Top 10 Tech Lawsuits
by Vi Duong
Istill remember the days, growing up in Vietnam during the 1980s, when my life did not revolve around modern technology. Sunlight was my alarm clock. A face-to-face conversation was
the only way I chatted with friends. Most
of what I read was written on paper. My
family did not have a telephone or any
household appliances. Now, I am dependent on modern technology
and the Internet. For almost everything I need to do, there’s
an appliance, a device, or an
app that helps me do it better
As a consumer, I tend to
think of modern technology in
terms of new products in the market. But, as an attorney, I also pay attention to legal disputes that may have an
effect on the products I use. And in the
Pacific Northwest, where tech companies
have major commercial influence, legal
disputes that affect the industry are of
particular importance. Here are 10 notable tech cases.
United States v. Microsoft Corp.
1Before 1996, Netscape Navigator was the browser that most people used to surf the Web. To gain traction for its own browser, Internet Explorer (IE),
Microsoft combined IE with Windows 95,
so that everyone who used the Windows
operating system also had Explorer. The
Department of Justice, 18 states, and
the District of Columbia filed suit, alleg-
ing that Microsoft violated antitrust
laws. The main issue was whether
Microsoft was allowed to com-
bine Explorer with Windows,
manipulate Windows to favor
Explorer over other brows-
ers, and execute restrictive
licensing agreements with
computer manufacturers to ex-
clude competing Internet brows-
ers. Ultimately, Microsoft settled. The
settlement required Microsoft to ensure
that Windows would interoperate with
software made by other companies. The
lawsuit reminded technology companies
that antitrust laws do apply to them and
that ignoring antitrust concerns can re-
sult in grave consequences.
A & M Records, Inc. v. Napster, Inc.
2Napster was a file-shar- ing network that made it easy for users to find and download digital
music files for free. Songwrit-
ers, producers, and record
companies, who were mem-
bers of the Recording Industry
Association of America, sued
Napster for contributory and vicari-
ous infringement. Even though Napster
lost, it changed the entertainment indus-
try and the intellectual property land-
scape. Napster first tried a paid
subscription business model,
but the music industry was
still more interested in selling
albums than individual songs.
After Napster was shut down,
more file-sharing sites opened
and remained in business. Eventually, the entertainment industry
adapted. Now, we buy songs individually
with a click of a button and rent movies
and TV episodes over the Internet.
In re: High-Tech Employee
3Employees of Adobe, Apple, Google, Intel, Intuit, Pixar, and Lucas- film brought a class action against their employers.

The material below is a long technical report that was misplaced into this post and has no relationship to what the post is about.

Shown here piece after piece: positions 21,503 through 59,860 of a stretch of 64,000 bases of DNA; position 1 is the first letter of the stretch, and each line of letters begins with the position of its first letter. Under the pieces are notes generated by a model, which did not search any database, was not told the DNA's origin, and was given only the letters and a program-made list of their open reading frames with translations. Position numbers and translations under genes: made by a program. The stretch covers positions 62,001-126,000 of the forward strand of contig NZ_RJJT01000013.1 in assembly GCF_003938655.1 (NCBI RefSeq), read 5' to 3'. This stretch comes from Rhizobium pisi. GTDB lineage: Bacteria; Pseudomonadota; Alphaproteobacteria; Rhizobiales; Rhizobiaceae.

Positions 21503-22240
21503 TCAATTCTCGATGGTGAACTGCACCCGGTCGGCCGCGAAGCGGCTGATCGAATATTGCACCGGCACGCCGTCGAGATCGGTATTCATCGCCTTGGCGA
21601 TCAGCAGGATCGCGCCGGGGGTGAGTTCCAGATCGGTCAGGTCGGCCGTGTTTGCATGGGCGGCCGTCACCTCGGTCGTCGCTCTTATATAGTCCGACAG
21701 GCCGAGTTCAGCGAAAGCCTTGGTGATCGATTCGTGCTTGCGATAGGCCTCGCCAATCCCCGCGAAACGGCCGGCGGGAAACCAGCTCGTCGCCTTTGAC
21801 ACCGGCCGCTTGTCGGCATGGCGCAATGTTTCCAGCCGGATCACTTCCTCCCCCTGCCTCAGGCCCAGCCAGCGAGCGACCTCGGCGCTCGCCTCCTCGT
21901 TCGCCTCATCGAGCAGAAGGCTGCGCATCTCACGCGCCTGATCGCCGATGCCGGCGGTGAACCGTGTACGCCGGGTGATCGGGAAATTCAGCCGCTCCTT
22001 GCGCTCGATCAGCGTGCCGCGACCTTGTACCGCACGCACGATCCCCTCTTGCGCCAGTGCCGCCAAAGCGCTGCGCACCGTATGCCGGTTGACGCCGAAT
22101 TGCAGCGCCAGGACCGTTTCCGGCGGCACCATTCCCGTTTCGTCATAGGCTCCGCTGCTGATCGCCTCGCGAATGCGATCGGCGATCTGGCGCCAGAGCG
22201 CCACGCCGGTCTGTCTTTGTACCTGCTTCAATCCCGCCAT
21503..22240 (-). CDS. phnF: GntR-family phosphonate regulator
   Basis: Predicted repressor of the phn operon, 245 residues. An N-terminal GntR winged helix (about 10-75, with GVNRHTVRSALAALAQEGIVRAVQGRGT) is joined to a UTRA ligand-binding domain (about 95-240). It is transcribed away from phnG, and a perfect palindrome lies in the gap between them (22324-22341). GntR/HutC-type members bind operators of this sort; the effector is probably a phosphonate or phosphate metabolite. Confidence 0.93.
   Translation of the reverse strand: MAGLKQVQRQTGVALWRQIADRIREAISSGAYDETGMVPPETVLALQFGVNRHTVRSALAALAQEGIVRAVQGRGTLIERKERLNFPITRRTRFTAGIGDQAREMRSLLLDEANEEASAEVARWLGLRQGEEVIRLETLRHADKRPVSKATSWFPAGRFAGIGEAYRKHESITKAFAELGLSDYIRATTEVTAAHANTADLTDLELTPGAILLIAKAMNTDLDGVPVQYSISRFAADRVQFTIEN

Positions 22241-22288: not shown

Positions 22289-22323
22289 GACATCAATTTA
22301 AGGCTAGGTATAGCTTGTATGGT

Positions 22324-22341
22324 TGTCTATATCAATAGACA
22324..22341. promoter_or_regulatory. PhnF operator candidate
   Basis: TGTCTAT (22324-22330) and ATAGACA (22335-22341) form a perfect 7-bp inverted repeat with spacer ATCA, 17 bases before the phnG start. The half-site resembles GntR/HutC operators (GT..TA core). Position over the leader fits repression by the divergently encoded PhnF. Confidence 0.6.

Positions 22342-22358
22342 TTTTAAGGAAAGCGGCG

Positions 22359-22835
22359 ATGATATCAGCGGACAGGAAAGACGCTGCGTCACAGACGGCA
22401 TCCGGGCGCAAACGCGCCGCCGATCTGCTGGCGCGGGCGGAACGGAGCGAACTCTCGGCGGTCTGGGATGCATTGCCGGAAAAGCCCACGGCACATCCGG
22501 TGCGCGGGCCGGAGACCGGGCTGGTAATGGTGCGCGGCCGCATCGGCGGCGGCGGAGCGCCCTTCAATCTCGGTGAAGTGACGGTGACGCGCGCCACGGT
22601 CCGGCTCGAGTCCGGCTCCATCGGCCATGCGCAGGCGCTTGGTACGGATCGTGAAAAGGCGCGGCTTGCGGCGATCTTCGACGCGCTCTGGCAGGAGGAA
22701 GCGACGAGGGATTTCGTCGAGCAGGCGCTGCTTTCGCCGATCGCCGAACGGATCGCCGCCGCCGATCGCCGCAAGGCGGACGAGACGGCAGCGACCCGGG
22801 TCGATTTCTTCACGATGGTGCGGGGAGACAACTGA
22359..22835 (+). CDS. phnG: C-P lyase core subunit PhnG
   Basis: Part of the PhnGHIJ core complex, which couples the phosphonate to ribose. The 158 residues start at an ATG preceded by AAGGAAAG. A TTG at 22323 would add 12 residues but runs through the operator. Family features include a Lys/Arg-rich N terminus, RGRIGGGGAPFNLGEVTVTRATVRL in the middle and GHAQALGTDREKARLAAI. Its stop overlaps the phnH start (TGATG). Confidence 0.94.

These tech employees alleged
their employers entered into
agreements not to hire their
competitors’ employees, which
reduced competition for skilled
labor, restricted employees’ mobility, and suppressed and fixed employees’
compensation. Intuit, Pixar, and Lucas-film negotiated a $20 million settlement.
Apple, Google, Intel, and Adobe also
settled, but the settlement terms have not
been released. Wage disputes between
employees and employers are typical
in many industries; however, within the
technology industry, an employee is not
just a source of labor but also a valuable
source of innovation.
Soverain Software, LLC v. Newegg, Inc.
4Soverain owns an e-commerce software system called Transact, and its accompanying patents, that was created in 1996 by a company
called Open Market. Soverain began suing online retailers for patent infringement, beginning with Amazon. Soverain
won or settled in every case, except in its
fight against Newegg. In 2013, Newegg
won because the U.S. Court of Appeals for
the Federal Circuit held that the patents were invalid for obviousness.
The Federal Circuit’s decision
was unexpected. The U.S. Patent and Trademark Office examined the Transact patents
three times (once during issuance and twice during re-ex-aminations) and left the patents
intact. Many other judges and juries
had also determined that the patents were
valid. Thus, the Federal Circuit’s decision
is a big win for Newegg and for all online
retailers, many of whom owed Soverain
substantial sums of royalty payments.
The decision allows new companies to
enter into e-commerce without having to
pay licensing fees to Soverain under its
Eolas Technologies Inc. v.
5Eolas and the University of Califor- nia owned two patents that allow eb developers to embed interac- tive programs, such as music clips,
games, search features, and maps, in
webpages. In 2003, Eolas won a verdict
against Microsoft, and the parties settled.
In 2009, Eolas went on to sue more than